Interestingly, the last time a true center won the MVP award was Shaquille O’Neal in 1999-2000.
The Timberwolves will win 50-plus games
Since their inaugural season in 1989-1990, the Timberwolves have a grand total of four 50 win seasons.
The last time the Wolves cracked the 50-win threshold was in 2003-2004, the same season Kevin Garnett won league MVP and the team reached the conference finals. Last year, eight teams managed to win at least 50 games, and five of those teams were in the Western Conference.
If Minnesota wins exactly 50 games, that would have put them in the sixth spot in the Western conference in 2016-17. This time around, if they can improve on their 15-18 record against teams with a .500 record or worse, tying them for fifth worst in the league, it will make things tremendously easier.
Last season, the Wolves were tied for the fourth-most games decided by three points or less. In those games, they finished 7-10. The leadership of Butler will help Minnesota close out games, adding even more wins to the team’s overall record.
Thibodeau will win coach of the year
Tom Thibodeau is no stranger to the Coach of the Year award; he received the honor in 2010-2011, a year before Butler was on his roster.
He did, of course, have an MVP in Derrick Rose at his disposal. During his Coach of the Year season, the Bulls jumped from a 41-41 team to a 62-20 team. Thibs did this with his second-best player being Luol Deng. Other notable players on the 2010-2011 team included Carlos Boozer, Joakim Noah, Kyle Korver and Taj Gibson.
Gibson is back with Thibs in Minnesota for round two and given the choice between D-Rose’s supporting casts of 2010-2011, compared to Towns, Andrew Wiggins, Gorgui Dieng, Jamal Crawford and Tyus Jones, who wouldn’t take the latter? This is not to say the Timberwolves will pull out a 62-20 season, it just shows given a certain level of talent, Thibodeau is capable of assembling some of the best teams in the league.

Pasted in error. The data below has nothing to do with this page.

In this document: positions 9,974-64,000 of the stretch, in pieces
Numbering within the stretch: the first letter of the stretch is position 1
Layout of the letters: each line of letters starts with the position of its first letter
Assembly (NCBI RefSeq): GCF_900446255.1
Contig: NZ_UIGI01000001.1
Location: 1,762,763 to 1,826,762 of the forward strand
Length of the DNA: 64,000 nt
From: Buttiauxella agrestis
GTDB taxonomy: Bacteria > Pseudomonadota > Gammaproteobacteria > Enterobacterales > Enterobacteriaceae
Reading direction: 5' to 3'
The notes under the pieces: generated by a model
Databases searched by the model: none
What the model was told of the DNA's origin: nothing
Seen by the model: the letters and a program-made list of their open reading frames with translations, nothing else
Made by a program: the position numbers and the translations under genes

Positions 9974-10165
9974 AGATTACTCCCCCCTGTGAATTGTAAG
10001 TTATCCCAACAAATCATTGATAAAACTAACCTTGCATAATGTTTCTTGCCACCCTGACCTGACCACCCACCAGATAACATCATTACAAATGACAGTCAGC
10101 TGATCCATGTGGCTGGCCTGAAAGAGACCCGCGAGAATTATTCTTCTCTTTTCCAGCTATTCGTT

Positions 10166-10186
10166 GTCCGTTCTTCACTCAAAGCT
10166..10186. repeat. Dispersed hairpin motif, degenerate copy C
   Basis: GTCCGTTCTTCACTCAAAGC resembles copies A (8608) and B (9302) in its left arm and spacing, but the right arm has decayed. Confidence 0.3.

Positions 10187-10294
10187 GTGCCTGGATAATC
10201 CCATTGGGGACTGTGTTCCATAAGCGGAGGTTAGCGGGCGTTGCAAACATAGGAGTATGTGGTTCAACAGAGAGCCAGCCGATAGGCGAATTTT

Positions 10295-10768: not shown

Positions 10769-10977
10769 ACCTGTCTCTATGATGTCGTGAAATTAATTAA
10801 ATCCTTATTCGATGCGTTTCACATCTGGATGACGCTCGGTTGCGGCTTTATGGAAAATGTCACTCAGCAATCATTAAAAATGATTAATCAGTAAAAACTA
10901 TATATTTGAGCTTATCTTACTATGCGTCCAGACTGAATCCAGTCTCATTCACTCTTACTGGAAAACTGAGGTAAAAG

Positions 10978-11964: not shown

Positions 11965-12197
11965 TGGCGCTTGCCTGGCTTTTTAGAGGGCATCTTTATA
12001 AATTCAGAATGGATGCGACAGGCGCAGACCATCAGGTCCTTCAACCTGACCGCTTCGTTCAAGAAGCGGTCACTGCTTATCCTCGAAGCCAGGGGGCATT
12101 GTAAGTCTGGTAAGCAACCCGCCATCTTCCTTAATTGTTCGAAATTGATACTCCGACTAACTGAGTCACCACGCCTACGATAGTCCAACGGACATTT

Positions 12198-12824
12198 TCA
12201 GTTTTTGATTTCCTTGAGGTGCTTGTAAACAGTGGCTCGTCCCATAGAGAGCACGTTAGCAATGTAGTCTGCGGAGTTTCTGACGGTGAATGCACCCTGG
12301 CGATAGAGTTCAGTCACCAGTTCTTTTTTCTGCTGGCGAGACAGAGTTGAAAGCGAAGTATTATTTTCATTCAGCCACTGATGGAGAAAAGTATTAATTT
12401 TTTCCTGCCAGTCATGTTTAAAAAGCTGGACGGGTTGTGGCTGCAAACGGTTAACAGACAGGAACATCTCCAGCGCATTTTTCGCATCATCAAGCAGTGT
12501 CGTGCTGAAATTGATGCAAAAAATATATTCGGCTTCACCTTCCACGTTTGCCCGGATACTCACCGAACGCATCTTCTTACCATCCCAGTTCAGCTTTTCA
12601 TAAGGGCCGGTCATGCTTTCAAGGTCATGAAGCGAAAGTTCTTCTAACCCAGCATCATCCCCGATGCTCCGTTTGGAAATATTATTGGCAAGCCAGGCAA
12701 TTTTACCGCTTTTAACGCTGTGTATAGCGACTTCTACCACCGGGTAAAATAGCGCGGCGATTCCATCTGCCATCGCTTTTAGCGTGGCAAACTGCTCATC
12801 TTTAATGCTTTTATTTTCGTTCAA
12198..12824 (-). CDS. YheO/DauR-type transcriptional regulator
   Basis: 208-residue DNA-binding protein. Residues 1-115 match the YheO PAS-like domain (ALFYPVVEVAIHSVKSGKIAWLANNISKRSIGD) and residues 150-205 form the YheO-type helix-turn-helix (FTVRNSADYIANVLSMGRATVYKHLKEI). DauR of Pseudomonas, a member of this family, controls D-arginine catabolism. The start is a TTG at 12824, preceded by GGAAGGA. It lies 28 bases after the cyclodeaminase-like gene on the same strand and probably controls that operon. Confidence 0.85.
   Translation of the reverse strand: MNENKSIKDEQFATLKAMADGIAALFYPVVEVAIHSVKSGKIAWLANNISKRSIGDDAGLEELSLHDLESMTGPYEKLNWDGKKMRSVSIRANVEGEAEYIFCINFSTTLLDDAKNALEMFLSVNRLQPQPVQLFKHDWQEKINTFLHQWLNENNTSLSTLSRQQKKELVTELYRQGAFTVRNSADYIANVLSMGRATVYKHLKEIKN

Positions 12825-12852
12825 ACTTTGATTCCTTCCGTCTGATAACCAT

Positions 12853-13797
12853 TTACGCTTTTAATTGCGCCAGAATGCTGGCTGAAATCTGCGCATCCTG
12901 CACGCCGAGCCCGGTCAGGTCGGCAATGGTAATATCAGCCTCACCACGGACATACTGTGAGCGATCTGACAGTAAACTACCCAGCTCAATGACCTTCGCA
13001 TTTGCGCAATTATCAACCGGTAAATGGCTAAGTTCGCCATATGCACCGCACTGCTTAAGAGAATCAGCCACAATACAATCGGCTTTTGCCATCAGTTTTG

A major area Minnesota needs to improve upon is defense, and the additions of Butler and Gibson addressed just that. With a defensive mastermind like Thibodeau and the firepower he has in place now, it isn’t hard to imagine the Wolves righting the ship and making a 20 or more game improvement on last season’s record, helping Thibs win another Coach of the Year award.
During Chicago’s first season with Thibodeau at the helm, they went from ranking 14th in the league in terms of points allowed before he was the coach to first in the NBA.
Jimmy Butler, Karl-Anthony Towns and Andrew Wiggins will be all-stars
NBA enthusiasts will keep track of the Timberwolves with a watchful eye this season. With people talking about Minnesota like never before, it is finally time for Towns and Wiggins to make their first-ever All-Star appearances. No more skill challenges or rookie challenges, it is time for the two youngsters to assert their dominance and put the world on standby.
It will be a near forgone conclusion Butler makes his third All-Star appearance off of name alone, but his presence will bring a level of competitiveness like Wiggins and Towns have never experienced before. Both may have been used to the feeling of winning before the NBA, but now is the time for both Towns and Wiggins to regain the passion for the game and set their expectations as high as they will go.
Both have improved every season and there is no reason why either one should be left off of an all-star roster. Some may be concerned with both taking a backseat to Butler, but neither should. In the modern day NBA, to compete with Golden State, you need as much firepower as possible.
The Timberwolves will need Butler, Wiggins and Towns to each average over 20 points a game, and all three should be able to do just that. For Wiggins, it is now just a matter of learning how to rebound with a passion and be aggressive when the game calls for it. Should he do both, there is no doubt Wiggins joins Butler and Towns as an All-Star.